El Salvador’s Finance Minister Alejandro Zelaya on Monday has refuted concerns that bitcoin’s price tumble would hurt the Central American nation’s fiscal health. Speaking at a press conference, Zelaya said
“When they tell me that the financial risk for El Salvador because of Bitcoin is really high, the only thing I can do is smile. The fiscal risk is extremely minimal.”
After charting history by becoming the first nation to make bitcoin a legal tender, El Salvador has been at the receiving end of credit agencies around the world with Moody’s reducing the country’s debt rating to CAA1 in July 2021, indicating that it is at risk of defaulting on loans.
International Monetary Fund [IMF] too had sent out warnings and urged the Central American nation to reconsider and change its decision.
But that hardly made any impact as, since last September, El Salvador’s government has purchased 2,301 units of the cryptocurrency, which fell on Monday to its lowest value since 2020.
In the past few months, El Salvador’s President Nayib Bukele had made it a routine to announce “buy the dip”, through his official Twitter handle and boast about locking in at lower prices. The country’s bitcoin reserves were around $71.4 million at the time of Bukele’s last Twitter update.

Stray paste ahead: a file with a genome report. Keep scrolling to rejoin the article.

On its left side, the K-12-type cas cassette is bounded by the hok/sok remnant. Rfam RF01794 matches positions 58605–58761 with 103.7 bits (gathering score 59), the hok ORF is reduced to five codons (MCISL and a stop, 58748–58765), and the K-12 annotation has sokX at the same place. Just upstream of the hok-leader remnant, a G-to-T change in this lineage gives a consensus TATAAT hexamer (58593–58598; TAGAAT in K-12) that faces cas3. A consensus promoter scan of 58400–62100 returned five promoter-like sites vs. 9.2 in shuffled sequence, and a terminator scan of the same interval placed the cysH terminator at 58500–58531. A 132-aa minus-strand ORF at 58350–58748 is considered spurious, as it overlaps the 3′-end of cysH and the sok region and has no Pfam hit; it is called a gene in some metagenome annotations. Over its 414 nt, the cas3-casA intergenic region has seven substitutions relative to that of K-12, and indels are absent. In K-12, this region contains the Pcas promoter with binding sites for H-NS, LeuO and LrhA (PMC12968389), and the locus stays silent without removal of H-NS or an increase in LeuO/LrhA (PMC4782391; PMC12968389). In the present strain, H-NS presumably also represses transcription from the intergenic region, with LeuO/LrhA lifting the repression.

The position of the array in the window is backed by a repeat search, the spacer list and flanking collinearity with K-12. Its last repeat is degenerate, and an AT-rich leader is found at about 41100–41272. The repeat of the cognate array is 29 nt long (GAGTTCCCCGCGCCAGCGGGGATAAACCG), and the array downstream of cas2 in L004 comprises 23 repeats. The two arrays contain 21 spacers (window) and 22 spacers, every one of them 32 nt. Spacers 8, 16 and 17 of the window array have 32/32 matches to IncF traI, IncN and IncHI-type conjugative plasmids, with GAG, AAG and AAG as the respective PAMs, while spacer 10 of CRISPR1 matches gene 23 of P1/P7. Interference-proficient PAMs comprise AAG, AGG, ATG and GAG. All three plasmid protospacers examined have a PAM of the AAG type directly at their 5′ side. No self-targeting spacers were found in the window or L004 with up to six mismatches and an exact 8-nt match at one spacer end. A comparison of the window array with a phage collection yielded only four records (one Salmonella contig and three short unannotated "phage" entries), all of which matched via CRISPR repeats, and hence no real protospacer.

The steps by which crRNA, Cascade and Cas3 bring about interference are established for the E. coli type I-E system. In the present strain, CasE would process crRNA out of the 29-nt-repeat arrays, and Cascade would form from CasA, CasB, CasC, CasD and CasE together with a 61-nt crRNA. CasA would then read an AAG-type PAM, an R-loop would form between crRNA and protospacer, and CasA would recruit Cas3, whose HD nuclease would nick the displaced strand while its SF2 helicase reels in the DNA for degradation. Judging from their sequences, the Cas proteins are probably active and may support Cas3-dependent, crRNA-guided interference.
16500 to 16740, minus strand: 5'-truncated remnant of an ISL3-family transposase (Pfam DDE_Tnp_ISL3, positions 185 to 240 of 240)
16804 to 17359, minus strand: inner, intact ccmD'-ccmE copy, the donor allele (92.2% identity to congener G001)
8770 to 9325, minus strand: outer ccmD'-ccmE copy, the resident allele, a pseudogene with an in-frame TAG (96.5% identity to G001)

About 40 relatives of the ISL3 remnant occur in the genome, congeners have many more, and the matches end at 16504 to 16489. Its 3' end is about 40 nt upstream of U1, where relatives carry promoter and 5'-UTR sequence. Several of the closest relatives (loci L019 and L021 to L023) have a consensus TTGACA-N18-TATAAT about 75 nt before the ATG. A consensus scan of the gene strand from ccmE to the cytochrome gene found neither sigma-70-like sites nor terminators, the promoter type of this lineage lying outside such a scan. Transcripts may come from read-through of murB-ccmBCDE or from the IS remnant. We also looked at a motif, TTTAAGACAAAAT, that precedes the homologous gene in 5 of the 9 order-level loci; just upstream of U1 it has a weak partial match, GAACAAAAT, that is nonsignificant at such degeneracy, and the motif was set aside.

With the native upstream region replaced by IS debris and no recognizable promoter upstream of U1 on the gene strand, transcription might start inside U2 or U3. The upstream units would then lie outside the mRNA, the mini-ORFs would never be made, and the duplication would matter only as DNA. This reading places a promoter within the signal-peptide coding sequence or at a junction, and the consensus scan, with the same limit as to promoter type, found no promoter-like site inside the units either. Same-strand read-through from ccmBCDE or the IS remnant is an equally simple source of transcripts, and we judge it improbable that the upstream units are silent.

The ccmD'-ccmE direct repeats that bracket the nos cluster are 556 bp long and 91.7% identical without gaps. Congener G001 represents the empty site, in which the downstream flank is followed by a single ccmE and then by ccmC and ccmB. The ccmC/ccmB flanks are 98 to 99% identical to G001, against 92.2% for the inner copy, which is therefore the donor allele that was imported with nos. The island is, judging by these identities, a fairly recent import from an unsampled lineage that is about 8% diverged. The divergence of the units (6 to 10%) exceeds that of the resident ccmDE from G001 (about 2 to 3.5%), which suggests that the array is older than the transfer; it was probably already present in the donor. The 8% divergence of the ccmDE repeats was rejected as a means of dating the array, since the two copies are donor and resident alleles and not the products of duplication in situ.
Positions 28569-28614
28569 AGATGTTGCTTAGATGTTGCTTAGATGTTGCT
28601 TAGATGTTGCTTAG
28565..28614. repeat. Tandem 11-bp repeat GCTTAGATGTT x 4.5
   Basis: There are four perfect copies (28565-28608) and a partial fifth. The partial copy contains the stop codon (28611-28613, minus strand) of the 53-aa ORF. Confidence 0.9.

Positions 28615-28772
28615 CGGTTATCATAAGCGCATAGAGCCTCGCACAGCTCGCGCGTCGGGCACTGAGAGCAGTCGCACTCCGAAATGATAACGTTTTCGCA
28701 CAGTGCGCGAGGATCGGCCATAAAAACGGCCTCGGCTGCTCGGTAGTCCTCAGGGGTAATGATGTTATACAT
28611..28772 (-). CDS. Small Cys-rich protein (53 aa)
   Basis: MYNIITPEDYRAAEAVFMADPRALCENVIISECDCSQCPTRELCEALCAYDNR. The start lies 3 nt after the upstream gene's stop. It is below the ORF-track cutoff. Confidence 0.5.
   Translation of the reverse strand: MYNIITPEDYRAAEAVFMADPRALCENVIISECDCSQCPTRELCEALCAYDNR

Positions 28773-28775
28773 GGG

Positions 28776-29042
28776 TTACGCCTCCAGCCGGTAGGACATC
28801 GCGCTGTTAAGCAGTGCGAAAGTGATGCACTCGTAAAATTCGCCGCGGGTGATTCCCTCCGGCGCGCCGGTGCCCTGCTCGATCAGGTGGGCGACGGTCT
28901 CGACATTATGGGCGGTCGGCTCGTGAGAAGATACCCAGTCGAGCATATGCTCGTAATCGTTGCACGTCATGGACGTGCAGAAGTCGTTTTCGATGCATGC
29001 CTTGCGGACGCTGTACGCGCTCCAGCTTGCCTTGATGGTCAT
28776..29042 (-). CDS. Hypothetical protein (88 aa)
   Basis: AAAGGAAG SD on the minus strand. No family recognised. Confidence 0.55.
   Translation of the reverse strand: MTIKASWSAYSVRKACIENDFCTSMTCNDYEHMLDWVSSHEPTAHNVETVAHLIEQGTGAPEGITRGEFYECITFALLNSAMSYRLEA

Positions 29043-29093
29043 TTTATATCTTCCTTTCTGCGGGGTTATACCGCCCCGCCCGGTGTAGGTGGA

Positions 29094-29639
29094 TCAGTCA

El Salvador’s Reserves Have Depreciated To A Low Of $52 million
Now, with market conditions massively driving down the price of Bitcoin, El Salvador’s reserves have reduced to a low of $52 million. Bitcoin’s value has dropped nearly 50% since it became legal tender in the country.
In addition to that, the country has continued to put on hold the much anticipated $1 billion offerings, which are supposed to fund El Salvador’s “Bitcoin City,” following turbulence in the markets.
The bonds were often touted as one of the nation’s last financial resort. According to a recent estimate from Deutsche Welles, the country’s BTC portfolio had shed some $40 million in value.
When confronted with the findings, Zelaya chose to downplay saying the loss hardly impact its economy. “Forty million dollars does not even represent 0.5% of our national general budget,” he said.